Madonna still does it constantly.
David Bowie did it for all of his career.
Justin Bieber does it continuously.
Always reinventing themselves.
Always evolving into a new purpose.
A personal revolution.
Evolve or die.
And it can be difficult for most of us mere mortals.
After having done something, perhaps one thing, for a very, very long time.
And then suddenly having that one thing taken away.
Some of us choose to change our purpose.
Such as when we change careers.
But I would dare say that most of us do not choose to change our purpose.
Our purpose’s are changed for us.
Through job loss.
Through personal loss.
Through change that we cannot control.
Through a health crisis.
All that we knew and loved, all that gave us a reason to get up for the day, gone.
Like the gossamer of a spider web in the breeze.
Imagine being a soldier.
And that was your purpose.
And then suddenly, the war is over.
You are sent home.
That purpose, that raison d’etre, as the French say, that “reason for being”, is suddenly evaporated.
It can be tragic for some.
To suddenly feel unwanted, without purpose, without a reason for being, or even living.
And sometimes, those drastic and unscheduled changes can take a terrible toll.
On our physical, mental and emotional health and well being.
The proverbial rug has been pulled out from beneath us.
And we do not know what to do.
It is then that we must look within.
To try to find our new reinvention.
A new purpose.
A new reason for being.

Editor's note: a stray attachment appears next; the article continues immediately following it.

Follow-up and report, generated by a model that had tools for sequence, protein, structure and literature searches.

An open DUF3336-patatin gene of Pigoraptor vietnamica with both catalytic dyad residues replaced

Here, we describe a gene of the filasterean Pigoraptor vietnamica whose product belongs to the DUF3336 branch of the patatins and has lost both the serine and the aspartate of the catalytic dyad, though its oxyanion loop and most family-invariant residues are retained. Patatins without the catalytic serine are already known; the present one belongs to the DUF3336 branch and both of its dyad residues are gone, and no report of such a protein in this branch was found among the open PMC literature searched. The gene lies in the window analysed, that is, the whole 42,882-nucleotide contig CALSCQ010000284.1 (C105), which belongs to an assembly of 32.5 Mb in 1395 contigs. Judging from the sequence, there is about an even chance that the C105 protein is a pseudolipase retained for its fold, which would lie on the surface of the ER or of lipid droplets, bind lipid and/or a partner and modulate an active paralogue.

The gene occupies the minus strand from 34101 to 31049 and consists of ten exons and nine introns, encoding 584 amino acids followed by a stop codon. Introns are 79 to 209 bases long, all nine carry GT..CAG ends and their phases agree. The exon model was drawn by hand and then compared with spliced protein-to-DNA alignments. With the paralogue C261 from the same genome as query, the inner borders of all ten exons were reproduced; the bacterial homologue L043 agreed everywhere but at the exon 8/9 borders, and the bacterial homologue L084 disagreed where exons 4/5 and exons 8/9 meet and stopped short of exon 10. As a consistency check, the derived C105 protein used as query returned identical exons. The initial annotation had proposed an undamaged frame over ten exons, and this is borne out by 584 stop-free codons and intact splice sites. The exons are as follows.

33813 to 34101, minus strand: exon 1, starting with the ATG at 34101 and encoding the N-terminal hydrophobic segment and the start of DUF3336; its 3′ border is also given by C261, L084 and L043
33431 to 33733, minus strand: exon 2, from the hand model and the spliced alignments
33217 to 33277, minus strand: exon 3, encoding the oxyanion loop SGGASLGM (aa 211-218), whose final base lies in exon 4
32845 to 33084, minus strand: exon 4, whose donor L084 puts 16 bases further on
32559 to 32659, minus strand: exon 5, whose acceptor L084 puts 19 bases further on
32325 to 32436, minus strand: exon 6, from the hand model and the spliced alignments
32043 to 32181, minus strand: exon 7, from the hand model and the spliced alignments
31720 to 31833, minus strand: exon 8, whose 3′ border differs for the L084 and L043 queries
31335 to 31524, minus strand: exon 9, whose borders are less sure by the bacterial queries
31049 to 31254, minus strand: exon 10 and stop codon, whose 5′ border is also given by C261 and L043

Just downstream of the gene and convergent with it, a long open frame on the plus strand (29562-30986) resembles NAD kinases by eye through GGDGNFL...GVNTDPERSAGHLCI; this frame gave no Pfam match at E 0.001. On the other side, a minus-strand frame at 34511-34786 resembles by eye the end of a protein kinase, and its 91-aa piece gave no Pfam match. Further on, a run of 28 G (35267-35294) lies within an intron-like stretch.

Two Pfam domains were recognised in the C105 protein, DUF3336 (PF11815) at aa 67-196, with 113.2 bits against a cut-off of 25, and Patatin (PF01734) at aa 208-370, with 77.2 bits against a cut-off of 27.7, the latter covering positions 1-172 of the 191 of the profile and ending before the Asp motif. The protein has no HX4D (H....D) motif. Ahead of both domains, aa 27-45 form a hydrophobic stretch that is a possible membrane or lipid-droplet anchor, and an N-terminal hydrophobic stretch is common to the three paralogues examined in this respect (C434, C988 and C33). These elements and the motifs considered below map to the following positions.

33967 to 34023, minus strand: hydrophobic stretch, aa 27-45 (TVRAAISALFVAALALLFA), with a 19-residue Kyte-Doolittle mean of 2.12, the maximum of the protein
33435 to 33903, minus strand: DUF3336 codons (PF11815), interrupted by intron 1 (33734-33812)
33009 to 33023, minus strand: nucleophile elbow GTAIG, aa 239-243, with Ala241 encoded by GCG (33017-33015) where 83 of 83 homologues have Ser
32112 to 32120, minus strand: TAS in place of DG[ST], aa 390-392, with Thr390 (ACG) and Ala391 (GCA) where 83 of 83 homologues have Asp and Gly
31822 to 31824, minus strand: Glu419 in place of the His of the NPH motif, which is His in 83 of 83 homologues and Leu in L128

And it can be very difficult.
Change is always scary.
And how well we, as humans, deal with that change, is what sets us apart.
Madonna, David Bowie and Justin Bieber make it look easy.
Always changing, evolving, to adapt to their new audiences.
The artists and musicians and performers who don’t do that are in danger of becoming one hit wonders.
But if we want longevity, then resilience and determination are key.
And fortunately, those traits are all incorporated into our very human DNA.
For without those attributes, without those qualities, the human race would have perished long ago.
The challenge is to find our new purpose.
To find the new reason that will get us out of bed in the morning.
It could be a new hobby.
It could be something as simple as going for a walk each day.
Yes, we are allowed to mourn and to grieve the passing of our original purpose.
Perhaps even feel sorry for ourselves for a short time.
That is all part of the process.
Our own personal healing.
And then it is time to move on.
To embrace the new 2.0 version of ourselves.
And see what the new future holds.


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